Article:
Apple's new iPad Pro includes cameras that can now use LiDAR scanning for 3D objects. Interestingly, Apple's patent application published today makes note of using 3D LiDAR sensors in their future headset.
Apple notes that Input-output circuitry may include sensors that may include, for example, three-dimensional sensors (e.g., three-dimensional image sensors such as structured light sensors that emit beams of light and that use two-dimensional digital image sensors to gather image data for three-dimensional images from light spots that are produced when a target is illuminated by the beams of light, binocular three-dimensional image sensors that gather three-dimensional images using two or more cameras in a binocular imaging arrangement, three-dimensional liDAR (light detection and ranging) sensors, three-dimensional radio-frequency sensors, or other sensors that gather three-dimensional image data), cameras (e.g., infrared and/or visible digital image sensors), gaze tracking sensors (e.g., a gaze tracking system based on an image sensor.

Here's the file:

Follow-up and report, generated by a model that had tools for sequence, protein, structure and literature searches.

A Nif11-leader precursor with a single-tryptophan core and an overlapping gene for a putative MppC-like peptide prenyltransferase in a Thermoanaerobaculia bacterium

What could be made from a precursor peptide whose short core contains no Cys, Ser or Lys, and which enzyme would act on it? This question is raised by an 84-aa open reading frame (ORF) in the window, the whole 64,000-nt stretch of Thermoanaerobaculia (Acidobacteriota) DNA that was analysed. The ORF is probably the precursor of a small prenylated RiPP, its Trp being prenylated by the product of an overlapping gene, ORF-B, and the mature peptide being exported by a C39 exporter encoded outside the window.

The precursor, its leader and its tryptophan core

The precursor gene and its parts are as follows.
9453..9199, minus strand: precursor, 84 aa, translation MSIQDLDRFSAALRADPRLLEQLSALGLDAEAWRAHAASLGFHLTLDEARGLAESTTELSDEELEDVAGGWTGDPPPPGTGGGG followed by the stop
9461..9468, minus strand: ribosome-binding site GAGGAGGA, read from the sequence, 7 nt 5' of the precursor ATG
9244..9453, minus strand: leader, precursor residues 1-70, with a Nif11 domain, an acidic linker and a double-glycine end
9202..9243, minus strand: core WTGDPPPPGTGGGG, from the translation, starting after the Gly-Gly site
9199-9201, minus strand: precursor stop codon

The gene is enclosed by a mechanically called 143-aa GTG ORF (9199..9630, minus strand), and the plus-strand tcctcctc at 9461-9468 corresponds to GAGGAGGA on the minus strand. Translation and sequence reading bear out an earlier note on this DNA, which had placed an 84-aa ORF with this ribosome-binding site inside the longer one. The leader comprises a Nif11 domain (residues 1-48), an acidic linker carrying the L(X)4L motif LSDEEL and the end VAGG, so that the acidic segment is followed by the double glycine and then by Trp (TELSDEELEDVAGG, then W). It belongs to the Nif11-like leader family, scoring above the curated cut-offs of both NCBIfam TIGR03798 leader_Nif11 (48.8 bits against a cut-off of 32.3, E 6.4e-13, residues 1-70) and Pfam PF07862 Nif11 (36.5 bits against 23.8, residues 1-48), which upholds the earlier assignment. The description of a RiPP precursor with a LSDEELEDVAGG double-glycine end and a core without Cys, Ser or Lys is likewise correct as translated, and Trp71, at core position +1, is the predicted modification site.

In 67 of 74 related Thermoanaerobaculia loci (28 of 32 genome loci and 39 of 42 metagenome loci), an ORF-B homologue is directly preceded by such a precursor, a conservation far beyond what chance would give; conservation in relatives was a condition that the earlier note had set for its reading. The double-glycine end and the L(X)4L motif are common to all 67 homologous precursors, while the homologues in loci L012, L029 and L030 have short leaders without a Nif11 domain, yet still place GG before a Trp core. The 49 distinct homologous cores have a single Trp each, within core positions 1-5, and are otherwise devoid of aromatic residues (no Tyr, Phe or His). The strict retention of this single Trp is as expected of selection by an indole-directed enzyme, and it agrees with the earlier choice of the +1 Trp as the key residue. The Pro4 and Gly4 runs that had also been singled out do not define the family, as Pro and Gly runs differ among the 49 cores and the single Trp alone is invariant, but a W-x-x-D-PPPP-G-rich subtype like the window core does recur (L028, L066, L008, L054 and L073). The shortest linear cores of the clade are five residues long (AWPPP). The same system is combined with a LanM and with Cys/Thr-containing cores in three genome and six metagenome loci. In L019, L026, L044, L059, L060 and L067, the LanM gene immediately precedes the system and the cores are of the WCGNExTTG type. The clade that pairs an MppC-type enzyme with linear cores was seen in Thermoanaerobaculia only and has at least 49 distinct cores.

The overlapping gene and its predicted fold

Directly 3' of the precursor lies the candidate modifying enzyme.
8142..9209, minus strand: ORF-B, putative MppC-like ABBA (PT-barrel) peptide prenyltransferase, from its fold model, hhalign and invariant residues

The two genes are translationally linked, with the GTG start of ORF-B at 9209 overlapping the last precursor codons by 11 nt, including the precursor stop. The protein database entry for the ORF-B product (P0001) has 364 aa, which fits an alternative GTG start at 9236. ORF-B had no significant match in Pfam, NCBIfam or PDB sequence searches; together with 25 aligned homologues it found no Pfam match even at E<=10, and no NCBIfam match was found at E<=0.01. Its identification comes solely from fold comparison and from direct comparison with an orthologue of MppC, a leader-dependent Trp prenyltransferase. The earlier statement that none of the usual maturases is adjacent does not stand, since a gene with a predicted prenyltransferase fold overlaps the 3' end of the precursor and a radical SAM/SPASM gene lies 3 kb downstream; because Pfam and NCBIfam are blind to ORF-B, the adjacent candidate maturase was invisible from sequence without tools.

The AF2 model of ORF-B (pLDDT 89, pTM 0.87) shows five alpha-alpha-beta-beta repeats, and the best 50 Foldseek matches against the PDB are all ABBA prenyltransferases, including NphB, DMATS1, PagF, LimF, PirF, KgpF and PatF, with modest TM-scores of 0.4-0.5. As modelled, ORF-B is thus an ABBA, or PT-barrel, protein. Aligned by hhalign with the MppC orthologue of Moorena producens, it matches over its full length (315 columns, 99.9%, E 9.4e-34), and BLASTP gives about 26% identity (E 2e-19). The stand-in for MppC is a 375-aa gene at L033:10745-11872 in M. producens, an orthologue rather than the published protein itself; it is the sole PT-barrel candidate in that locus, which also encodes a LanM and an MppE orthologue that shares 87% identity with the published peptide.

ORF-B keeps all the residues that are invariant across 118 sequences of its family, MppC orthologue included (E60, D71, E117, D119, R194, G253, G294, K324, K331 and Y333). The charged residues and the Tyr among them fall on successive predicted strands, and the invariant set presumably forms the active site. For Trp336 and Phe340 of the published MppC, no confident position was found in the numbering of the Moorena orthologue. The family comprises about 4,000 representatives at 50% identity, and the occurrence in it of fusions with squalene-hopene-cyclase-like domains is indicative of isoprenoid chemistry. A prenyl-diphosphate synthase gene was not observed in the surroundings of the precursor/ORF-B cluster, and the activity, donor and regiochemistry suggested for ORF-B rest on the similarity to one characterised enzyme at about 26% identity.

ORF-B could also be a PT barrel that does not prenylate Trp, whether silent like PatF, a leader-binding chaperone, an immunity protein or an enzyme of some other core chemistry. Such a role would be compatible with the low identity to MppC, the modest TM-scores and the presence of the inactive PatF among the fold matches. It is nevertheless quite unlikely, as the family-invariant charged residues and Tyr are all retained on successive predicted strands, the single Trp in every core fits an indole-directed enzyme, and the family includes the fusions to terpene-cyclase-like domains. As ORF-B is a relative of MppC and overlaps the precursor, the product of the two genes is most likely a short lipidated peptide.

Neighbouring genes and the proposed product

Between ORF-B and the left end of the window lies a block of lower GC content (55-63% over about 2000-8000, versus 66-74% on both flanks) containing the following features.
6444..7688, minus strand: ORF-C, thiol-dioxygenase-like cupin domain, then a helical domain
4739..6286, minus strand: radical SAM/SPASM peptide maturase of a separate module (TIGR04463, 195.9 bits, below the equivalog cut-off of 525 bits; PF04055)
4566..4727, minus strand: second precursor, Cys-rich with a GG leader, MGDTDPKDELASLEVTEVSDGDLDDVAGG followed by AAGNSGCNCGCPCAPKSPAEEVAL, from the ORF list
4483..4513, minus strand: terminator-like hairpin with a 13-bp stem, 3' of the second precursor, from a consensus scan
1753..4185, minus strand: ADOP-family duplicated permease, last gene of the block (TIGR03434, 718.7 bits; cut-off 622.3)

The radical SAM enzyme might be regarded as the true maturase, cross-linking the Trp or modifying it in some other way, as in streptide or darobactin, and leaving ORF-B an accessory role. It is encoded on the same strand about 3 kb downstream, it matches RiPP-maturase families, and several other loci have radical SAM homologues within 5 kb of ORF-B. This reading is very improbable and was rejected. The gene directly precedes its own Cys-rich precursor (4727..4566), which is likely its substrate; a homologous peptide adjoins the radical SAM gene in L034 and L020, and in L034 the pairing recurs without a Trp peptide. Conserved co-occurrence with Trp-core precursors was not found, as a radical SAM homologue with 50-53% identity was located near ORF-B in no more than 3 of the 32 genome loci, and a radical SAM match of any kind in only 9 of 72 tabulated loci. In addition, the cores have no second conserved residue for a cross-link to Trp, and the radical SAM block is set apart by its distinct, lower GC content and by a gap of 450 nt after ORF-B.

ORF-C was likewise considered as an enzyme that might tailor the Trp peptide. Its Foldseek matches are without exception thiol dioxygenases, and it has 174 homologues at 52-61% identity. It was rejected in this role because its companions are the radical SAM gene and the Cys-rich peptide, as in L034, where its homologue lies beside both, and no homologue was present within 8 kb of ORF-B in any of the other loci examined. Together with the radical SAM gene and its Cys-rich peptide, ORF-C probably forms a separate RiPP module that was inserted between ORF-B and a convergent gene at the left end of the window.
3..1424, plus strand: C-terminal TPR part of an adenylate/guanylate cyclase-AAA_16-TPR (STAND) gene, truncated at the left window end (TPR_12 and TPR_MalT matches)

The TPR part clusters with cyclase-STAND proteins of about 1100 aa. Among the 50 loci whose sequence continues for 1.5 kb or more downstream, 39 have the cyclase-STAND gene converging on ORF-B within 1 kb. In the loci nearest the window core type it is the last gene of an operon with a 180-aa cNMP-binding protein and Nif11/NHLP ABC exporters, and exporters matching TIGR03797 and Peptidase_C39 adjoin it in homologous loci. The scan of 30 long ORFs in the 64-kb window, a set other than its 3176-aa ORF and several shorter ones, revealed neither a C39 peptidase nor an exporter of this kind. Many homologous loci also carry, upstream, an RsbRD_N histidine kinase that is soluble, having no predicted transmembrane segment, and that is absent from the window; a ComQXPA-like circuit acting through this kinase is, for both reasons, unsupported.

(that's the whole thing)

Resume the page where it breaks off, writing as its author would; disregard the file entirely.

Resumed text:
If desired, a light source that emits one or more beams of light that are tracked using the image sensor after reflecting from a user's eyes), touch sensors, buttons, force sensors, sensors such as contact sensors based on switches, gas sensors, pressure sensors, moisture sensors, magnetic sensors, audio sensors (microphones), ambient light sensors, microphones for gathering voice commands and other audio input, sensors that are configured to gather information on motion, position, and/or orientation (e.g., accelerometers, gyroscopes, compasses, and/or inertial measurement units that include all of these sensors or a subset of one or two of these sensors), fingerprint sensors and other biometric sensors, optical position sensors (optical encoders), and/or other position sensors such as linear position sensors, and/or other sensors.